Observing the eclipse

ASE members and members of the public observing the solar eclipse outside the Scottish Parliament. (Photo: Andrew Cowan/Scottish Parliament)

For me,  the trauma of getting to the Scottish Parliament at 7:30 am on a cold Friday morning was offset by the clear sky and bright sunshine.  Armed with my solar specs bought on-line, I hoped for a glance of a crescent sun in someone else’s telescope, and maybe some sight of totality from the Faroe Islands streamed on screens inside for the school parties.  What I found was a group of colleagues from the ASE with kit of various kinds – solar-scopes to white card to colanders – and a growing crowd of public visitors, come perhaps to visit the Parliament, Holyrood Palace or Arthur’s Seat.  All of them became attracted by the sight of the telescopes and stayed for the opportunity to see the eclipse.  Many asked where solar specs could be obtained and were disappointed by absence of sales on site, but various members lent their solar specs to those queueing for the telescopes so they didn’t miss out.

As the formalities indoors drew near, I volunteered to be caretaker for Sean’s sun-screened ‘scope while he did his day job with visitors in the Parliament.  Finding the sun was an issue.  Yes, nothing in the eyepiece and no luck finding the smallest shadow on the ground; and only the direct sun in the lens would get through the safety film that Sean had attached to the front.  Queues were lining up for a sight so I picked up the whole thing and did a little dance until I saw the magic flash of light in the eyepiece.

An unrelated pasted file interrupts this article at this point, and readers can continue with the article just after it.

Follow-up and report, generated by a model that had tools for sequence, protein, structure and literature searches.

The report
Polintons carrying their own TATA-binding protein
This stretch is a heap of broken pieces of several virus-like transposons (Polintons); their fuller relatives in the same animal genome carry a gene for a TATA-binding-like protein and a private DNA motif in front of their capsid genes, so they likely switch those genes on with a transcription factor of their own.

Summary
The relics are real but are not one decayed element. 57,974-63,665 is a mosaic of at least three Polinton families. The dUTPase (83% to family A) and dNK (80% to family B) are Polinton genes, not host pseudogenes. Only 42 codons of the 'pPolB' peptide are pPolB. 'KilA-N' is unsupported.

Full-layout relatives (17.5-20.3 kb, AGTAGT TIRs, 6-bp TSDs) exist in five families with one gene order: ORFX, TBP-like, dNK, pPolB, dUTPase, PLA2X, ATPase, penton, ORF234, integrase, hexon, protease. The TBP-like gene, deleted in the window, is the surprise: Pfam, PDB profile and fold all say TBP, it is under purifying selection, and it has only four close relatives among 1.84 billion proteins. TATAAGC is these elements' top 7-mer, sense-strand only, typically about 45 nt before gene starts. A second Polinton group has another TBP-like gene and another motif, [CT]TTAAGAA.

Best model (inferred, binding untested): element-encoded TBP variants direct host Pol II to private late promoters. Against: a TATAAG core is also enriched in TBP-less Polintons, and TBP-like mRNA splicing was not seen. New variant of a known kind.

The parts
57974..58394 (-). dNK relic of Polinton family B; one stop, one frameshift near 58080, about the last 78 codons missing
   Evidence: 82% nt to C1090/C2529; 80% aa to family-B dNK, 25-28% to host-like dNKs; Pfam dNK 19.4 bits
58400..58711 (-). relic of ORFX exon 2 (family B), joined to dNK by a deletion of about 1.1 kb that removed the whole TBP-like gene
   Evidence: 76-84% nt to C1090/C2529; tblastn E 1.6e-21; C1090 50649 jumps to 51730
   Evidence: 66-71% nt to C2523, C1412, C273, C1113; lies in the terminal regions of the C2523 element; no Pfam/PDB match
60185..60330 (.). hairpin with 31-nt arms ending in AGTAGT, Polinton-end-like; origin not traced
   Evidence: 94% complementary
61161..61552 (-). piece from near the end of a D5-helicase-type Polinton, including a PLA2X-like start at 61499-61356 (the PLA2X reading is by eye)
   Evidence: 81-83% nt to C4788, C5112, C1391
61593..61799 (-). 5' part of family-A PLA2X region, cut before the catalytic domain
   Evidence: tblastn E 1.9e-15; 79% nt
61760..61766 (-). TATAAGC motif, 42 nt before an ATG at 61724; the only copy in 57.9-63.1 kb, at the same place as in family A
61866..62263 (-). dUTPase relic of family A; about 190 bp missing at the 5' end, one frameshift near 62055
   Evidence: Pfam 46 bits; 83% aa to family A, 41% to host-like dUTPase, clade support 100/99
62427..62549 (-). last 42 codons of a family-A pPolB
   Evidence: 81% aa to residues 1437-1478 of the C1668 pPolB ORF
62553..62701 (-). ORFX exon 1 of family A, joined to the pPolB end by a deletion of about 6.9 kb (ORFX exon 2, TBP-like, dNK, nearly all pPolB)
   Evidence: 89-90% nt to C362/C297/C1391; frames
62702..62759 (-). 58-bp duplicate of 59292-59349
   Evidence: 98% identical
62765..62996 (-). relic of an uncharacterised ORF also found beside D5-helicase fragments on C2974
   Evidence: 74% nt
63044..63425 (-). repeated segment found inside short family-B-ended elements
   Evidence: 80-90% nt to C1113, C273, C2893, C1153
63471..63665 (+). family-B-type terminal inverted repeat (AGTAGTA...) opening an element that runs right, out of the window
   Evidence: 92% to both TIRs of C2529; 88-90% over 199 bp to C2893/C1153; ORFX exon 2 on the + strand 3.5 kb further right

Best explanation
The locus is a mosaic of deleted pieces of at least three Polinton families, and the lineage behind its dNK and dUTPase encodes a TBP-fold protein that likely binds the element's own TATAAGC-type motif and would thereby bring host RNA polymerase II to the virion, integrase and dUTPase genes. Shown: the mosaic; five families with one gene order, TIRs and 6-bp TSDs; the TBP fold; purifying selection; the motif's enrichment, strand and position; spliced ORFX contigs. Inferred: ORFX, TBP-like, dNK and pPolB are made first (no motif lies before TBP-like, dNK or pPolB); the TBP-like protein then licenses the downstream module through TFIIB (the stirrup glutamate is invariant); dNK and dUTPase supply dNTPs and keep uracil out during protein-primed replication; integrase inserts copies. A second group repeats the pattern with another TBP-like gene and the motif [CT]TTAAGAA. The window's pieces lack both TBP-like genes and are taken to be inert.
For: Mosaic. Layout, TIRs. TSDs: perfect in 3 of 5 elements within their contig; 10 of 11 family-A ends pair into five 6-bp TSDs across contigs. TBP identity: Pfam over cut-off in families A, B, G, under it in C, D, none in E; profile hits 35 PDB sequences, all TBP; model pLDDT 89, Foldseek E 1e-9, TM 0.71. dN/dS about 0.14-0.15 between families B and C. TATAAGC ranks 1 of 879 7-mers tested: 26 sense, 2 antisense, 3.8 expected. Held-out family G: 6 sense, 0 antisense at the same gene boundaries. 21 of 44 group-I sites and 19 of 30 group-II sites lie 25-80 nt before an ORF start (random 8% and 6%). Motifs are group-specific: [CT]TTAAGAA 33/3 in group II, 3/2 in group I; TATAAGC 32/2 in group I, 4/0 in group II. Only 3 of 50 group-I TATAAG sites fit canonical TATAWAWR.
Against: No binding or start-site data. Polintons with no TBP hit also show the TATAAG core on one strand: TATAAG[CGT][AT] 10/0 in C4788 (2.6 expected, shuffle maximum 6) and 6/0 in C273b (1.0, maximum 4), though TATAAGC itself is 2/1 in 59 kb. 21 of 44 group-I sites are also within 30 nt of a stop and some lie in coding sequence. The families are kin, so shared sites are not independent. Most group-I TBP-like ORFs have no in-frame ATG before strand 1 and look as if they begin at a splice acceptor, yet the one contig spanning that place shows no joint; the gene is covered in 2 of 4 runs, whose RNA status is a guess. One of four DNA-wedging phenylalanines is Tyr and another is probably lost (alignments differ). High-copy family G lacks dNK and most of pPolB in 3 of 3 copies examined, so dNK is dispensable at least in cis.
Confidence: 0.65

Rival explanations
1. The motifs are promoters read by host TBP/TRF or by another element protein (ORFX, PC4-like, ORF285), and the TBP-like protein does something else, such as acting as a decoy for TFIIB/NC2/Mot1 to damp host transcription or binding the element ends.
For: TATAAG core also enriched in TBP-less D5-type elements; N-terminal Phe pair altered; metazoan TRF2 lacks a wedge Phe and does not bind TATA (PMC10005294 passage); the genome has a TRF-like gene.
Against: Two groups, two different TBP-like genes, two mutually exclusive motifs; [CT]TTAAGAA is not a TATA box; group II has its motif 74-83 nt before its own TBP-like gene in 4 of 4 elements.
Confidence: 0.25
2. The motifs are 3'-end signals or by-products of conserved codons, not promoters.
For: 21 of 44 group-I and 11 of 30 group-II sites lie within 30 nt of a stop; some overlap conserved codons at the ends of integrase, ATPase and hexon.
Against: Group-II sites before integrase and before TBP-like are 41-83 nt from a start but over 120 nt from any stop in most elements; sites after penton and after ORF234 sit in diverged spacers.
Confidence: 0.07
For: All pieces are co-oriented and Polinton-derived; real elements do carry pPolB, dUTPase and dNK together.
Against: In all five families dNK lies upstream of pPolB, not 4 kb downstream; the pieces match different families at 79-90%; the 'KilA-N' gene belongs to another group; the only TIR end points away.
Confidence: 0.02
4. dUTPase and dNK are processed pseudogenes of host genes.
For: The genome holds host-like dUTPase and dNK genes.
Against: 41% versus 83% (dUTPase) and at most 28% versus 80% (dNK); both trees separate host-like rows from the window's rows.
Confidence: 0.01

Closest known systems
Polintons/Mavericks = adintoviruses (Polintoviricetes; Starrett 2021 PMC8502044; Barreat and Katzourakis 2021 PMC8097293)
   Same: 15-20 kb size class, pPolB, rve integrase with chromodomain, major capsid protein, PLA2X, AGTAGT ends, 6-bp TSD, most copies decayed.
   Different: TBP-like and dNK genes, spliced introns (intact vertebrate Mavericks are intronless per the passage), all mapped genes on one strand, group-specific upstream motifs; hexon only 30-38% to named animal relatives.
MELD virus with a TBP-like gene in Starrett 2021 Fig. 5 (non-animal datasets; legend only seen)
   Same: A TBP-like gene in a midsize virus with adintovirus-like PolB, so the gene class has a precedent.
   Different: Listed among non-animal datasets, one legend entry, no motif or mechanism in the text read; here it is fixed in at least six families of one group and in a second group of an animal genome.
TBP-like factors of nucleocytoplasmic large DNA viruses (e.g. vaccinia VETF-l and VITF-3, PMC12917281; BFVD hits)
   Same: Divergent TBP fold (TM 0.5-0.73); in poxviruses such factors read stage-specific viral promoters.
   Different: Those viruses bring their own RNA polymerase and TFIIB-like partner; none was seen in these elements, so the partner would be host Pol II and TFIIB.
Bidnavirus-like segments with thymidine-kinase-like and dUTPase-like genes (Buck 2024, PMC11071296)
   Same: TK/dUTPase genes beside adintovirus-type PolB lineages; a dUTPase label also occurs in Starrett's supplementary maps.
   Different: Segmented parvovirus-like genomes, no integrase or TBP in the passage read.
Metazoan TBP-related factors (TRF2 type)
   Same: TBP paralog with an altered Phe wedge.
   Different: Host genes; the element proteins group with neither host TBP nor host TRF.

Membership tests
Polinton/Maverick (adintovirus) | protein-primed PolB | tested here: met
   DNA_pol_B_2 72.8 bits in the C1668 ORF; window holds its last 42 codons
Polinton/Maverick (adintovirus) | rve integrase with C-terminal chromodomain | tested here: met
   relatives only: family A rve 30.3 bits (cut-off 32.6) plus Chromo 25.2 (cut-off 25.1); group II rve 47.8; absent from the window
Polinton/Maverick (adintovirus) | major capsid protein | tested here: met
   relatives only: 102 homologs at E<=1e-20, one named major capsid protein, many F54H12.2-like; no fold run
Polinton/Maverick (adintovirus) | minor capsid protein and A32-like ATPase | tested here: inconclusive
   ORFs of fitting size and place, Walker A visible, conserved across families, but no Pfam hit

Trying to find the sun

Andrew trying to find the sun with a heavily filtered telescope! (Photo: Andrew Cowan/Scottish Parliament)

What followed was great fun.  Visitors were directed to the telescopes as they became free, all being as quick as possible but not concealing their pleasure at the sight of the diminishing crescent.  Between guests, I adjusted the tracking of the rapidly-moving image so as not to lose it again!  Of course, in the process I saw the image dozens and dozens of times.  I learned also to lean firmly on the tripod as its legs were all too easily kicked as folk moved around them.  I think that the gasps and exclamations were genuine: it was a fantastic sight to see a magnified shot of something normally so bright that you cannot look at it.  I failed to get a photograph successfully thought the telescope lens but after one girl succeeded with her phone, I encouraged others to try.  Imagine the texts ‘…the eclipse as I saw it in Edinburgh…’

Then cloud threatened to spoil the minutes nearest totality and it got colder, though not really darker, an interesting proof that even part sun is still incredibly bright, but that we need the whole sun shining to heat us!  A real bonus followed with thin cloud just screening the heat and light but giving a clear shape of the crescent sun, one that everyone could see.  There was an audible gasp as hundreds of folk saw the shape getting smaller then slowly expanding again.  This was astronomy in action.

The queues continued until the eclipse was past, and I think that sharing with hundreds of visitors made it all a success, more so than just seeing the eclipse myself.

Oh, and thanks Sean for lending your kit whilst working indoors and missing most of the outdoor excitement…

Andrew Mackie

This is one of a series of personal accounts recorded by our members of their experience viewing the partial solar eclipse on the 20th of March 2015.